What do you do if you come to the conclusion that your marriage is at an end and you wish to divorce?

Contrary to TV portrayals where marriage and divorce sometimes seem possible in a single day, it’s not that simple.

In English and Wales the first hurdle to overcome is to have been married for at least one year; this may seem short to some, but as cohabitation rates rise and marriage rates fall, some people will decide to marry having already lived together for many years.

To start a divorce you must evidence that the marriage has ‘irretrievably broken-down’. There are five things you can rely on to do this:

  • Adultery;
  • Unreasonable behaviour;
  • Two years separation with consent;
  • Desertion; or
  • Five years separation.

In most divorces we see the parties have not been separated long enough to rely on anything other than adultery or unreasonable behaviour.

As you can imagine, if handled badly, being presented with an adultery or unreasonable behavior petition can sometimes make an already difficult situation worse. In the majority of situations it is possible to avoid that.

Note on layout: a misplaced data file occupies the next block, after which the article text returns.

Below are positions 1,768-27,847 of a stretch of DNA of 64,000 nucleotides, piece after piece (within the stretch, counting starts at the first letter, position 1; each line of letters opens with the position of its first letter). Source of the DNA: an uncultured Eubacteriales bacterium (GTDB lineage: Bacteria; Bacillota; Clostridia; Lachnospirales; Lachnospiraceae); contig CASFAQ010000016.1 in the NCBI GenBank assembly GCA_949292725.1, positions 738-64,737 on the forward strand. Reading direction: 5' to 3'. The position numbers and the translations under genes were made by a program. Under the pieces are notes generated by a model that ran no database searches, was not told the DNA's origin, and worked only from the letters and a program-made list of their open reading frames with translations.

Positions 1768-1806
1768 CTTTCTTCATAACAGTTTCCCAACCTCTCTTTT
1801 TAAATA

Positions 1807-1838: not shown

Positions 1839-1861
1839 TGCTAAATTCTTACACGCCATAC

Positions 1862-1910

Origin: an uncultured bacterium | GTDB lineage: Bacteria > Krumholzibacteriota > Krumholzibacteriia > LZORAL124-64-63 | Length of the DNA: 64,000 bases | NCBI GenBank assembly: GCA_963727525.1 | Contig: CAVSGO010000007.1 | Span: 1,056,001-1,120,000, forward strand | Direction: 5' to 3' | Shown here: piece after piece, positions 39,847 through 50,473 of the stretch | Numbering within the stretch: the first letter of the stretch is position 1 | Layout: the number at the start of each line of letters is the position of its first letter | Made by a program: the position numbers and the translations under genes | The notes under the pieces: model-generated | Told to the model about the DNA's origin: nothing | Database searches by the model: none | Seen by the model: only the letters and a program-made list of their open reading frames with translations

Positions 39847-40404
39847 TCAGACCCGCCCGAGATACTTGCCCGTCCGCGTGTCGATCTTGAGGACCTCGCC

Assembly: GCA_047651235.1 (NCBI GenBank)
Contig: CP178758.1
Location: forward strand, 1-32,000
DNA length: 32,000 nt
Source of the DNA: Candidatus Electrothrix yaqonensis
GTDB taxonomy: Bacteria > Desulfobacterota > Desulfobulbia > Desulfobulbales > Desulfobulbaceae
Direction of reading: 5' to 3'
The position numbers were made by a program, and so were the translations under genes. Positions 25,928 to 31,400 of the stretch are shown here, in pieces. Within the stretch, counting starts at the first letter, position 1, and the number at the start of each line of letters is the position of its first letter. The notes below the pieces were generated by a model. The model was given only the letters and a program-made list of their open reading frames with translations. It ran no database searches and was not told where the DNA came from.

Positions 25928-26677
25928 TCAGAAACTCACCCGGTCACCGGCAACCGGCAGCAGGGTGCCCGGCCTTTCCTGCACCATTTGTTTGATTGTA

The ground of unreasonable behaviour is one of the most frequently used. This requires that you set out five or six examples of your spouse’s ‘unreasonable behaviour’.

The law in England & Wales becomes less fault-based if you’ve been separated for two years or longer and arguably provides for a more amicable dissolution.

If you are thinking about divorce and want to speak to someone about trying to make the process as comfortable as possible speak to one of our experienced and supportive solicitors today.

Alara is a paralegal at Stephens Scown, presently providing support to the Family team in Exeter.  If you would like to contact the team about the content in this article, then please call 01392 210700 or email family.exeter@stephens-scown.co.uk.